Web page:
Header image by press courtessy of Berlin Atonal.
“I always crave that feeling of waking up the day after a gig feeling invigorated, flashbacks of the night before – trying to comprehend what happened… the one thing clear is you’ve been blown away. Not just a blur of indefinable 4/4 beats.”
Samuel Kerridge‘s name may not resonate within the musical scene for a long time, but over the last few years his work has been followed-up by plenty of musical journalists and a crowd eager for fresh music. His releases on Downwards, Horizontal Ground or Blueprint stands on the edges of several musical genres and provide a decent statement for his intense and recognizable sound. You can’t put a precise tag on his music, once you listen to it you only know that you either hate it or totally love it. The UK native and now Berlin based artist has a special gift to cause sound distortions and noises to devour your mind.
The bond for the music of this singular producer has already been formed at an early age thanks to music-devoted parents who took young Samuel to UK warehouse parties. During his youth he collected influences across musical genres so he could start experimenting with diverse equipment and create his own work. Together with his wife, Hayley, they have launched an open-minded irregular series of events named CONTORT which naturally resulted into a formation of Contort as a label earlier this year.
Kerridge, who is regularly on the tour with his latest LP titled Always Offended Never Ashamed, found some time to have a chat with us about his future plans and the ones he has for the label Contort, the problem of being a truly original artist and his involvement at the Berlin Atonal festival where he acts as one of the curators of the program and also as an artist who unveils this year a special A/V live show titled Fatal Light Attraction.
It’s quite convenient that we are here just before the next Contort party happen, so let’s start with this one. I have noticed that Contort got into some Top 10 parties in Berlin, so I’m interested what you think of that, how does it make you feel that the party grows like that?
It makes me proud to get recognition like that, it’s reaching people which is fantastic, but it can be a double edged sword. When there is a “top 10”, it can start to attract a certain type of clientele. At the time this list came out I said to Hayley this could mark the end, and in some ways if it carries on like that we might need to …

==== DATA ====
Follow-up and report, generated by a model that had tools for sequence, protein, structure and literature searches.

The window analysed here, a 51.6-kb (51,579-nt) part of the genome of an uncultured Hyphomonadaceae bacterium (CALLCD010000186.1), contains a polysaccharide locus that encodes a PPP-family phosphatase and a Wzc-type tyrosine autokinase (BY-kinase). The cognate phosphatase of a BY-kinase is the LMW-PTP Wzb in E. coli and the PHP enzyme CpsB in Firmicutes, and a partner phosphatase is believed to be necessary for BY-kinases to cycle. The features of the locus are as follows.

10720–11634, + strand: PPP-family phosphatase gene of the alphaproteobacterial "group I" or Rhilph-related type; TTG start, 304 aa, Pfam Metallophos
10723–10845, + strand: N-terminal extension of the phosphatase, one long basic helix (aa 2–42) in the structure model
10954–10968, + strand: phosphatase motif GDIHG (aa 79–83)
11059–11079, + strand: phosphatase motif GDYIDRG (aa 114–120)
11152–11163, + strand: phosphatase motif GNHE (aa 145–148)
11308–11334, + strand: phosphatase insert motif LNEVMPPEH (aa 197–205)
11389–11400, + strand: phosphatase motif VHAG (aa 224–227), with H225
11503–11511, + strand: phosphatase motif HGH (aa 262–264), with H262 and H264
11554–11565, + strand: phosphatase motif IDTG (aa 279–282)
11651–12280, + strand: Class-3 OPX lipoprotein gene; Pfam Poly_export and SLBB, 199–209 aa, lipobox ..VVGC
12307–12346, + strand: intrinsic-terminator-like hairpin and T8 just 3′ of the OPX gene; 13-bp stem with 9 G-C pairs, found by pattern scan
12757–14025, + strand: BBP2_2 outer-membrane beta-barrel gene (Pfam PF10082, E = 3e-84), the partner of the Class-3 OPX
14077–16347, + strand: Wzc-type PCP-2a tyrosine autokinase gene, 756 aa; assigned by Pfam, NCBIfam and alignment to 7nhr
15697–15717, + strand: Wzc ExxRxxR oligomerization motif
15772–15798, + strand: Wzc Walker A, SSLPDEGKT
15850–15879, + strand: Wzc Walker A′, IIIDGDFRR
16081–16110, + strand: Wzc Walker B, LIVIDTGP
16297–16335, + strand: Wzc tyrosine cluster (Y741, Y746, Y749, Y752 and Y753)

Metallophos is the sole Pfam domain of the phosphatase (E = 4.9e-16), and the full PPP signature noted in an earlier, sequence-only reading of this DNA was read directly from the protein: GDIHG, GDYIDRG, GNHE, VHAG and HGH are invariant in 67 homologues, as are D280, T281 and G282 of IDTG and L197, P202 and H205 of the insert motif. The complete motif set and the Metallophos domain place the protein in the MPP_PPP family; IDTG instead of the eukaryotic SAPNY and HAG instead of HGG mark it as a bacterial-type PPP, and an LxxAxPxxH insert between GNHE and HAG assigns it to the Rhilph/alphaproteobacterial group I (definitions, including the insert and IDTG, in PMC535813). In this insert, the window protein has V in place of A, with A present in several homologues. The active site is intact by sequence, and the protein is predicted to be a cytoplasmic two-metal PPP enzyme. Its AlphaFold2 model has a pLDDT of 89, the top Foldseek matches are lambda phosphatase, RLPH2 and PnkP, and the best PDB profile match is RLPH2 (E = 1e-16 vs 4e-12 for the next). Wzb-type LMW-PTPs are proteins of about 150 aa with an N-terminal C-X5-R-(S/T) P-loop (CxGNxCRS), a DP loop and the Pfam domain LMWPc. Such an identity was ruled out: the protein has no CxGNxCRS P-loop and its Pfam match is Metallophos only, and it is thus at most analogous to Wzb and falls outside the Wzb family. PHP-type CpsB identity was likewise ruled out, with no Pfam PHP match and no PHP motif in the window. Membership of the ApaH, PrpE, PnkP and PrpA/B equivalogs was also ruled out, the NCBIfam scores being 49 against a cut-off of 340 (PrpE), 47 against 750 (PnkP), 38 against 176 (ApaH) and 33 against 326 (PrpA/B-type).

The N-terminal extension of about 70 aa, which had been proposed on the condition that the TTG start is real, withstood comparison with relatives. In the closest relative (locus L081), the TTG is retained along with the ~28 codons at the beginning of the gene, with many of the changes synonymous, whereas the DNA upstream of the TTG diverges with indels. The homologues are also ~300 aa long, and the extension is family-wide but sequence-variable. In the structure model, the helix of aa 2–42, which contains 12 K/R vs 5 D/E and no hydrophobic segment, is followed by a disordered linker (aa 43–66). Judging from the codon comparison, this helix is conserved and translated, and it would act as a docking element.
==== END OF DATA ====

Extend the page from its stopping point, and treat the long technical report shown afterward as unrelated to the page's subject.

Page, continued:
Drop it off?
Yeah. It’s not going to go on forever. The label [Contort] will be our outlet and the occasional showcase. Although the events are and will always remain irregular, it’s important to keep moving forward, I’m sure once we are gone someone will fill our shoes, if not already.
You started with like 20 people in the crowd, right?
Correct, the first party was about 20 people, mostly friends, and it has grown organically. I’d like to keep it at a certain level, as it’s comfortable now; I wouldn’t want to go to the next phase, we aren’t aiming for world domination or “being this cool place to go”. We want to keep the music for the crowd — for people who really know what they are listening too, who are into the scene and they come for those reasons, not because it is in a top 10 chart. Of course people can experience new music this way and it can be good exposure for them, Contort is inclusive, but others can go for the wrong reasons. Luckily we still attract a good core group of people, anyone who does come in on a whim fucks off pretty sharp-ish.
Why do you think that this party receives such recognition? Can this be connected to a sort of hype around dark / experimental music during approx. the last 2 years? There is definitely more attention given to artists with tag ‘experimental’.
Definitely. The internet exposes us to a lot, instant gratification for all, which has certainly played a part. In hindsight we did hit the wave at the right time, unintentionally. My productions gained some recognition and everything fell into place quite quickly. There was no luck involved, hard work and the accumulation of various factors came together. There is probably some hype around — but hype is a good thing. Is it not as simple as people getting excited about music? The right type of hype is good.
That’s the thing – the right hype. Anyway, the philosophy of Contort party is Sunday´s daytime, free entrance and what’s probably most interesting — there is no fee for involved artists. It wouldn’t have been that special, but when we seen the line ups, there are some serious names from the scene [f.e. Kangding Ray, Regis, Christian Vogel]. In your opinion, what attracts artists like that to play there?
We are not doing anything particularly brand new, but I think they [artists] see the passion we put into the event. When you take money out of something, all that’s left is passion, and [artists] wanna do it out of impulse and instinct, that’s what I think attracted them; not because they are gonna get paid shit loads of money. Of course I would love to be able to pay these artists, they all deserve to get paid; as an artist myself I understand that, but that would miss the point of our concept and what we are trying to achieve. Me and Hayley want to expose people to a different way of thinking, a different view, listening and experiencing music in a different context. That’s what probably attracts a lot of artists to play for us and the same goes for the crowd. Artists know that they can play anything they desire and the Contort crowd will listen to it with an open mind. For instance, when Regis played d’n’b, he couldn’t have done that anywhere else, other than London. But it has to be the right party and I think Contort delivers that right context and that’s what attracts.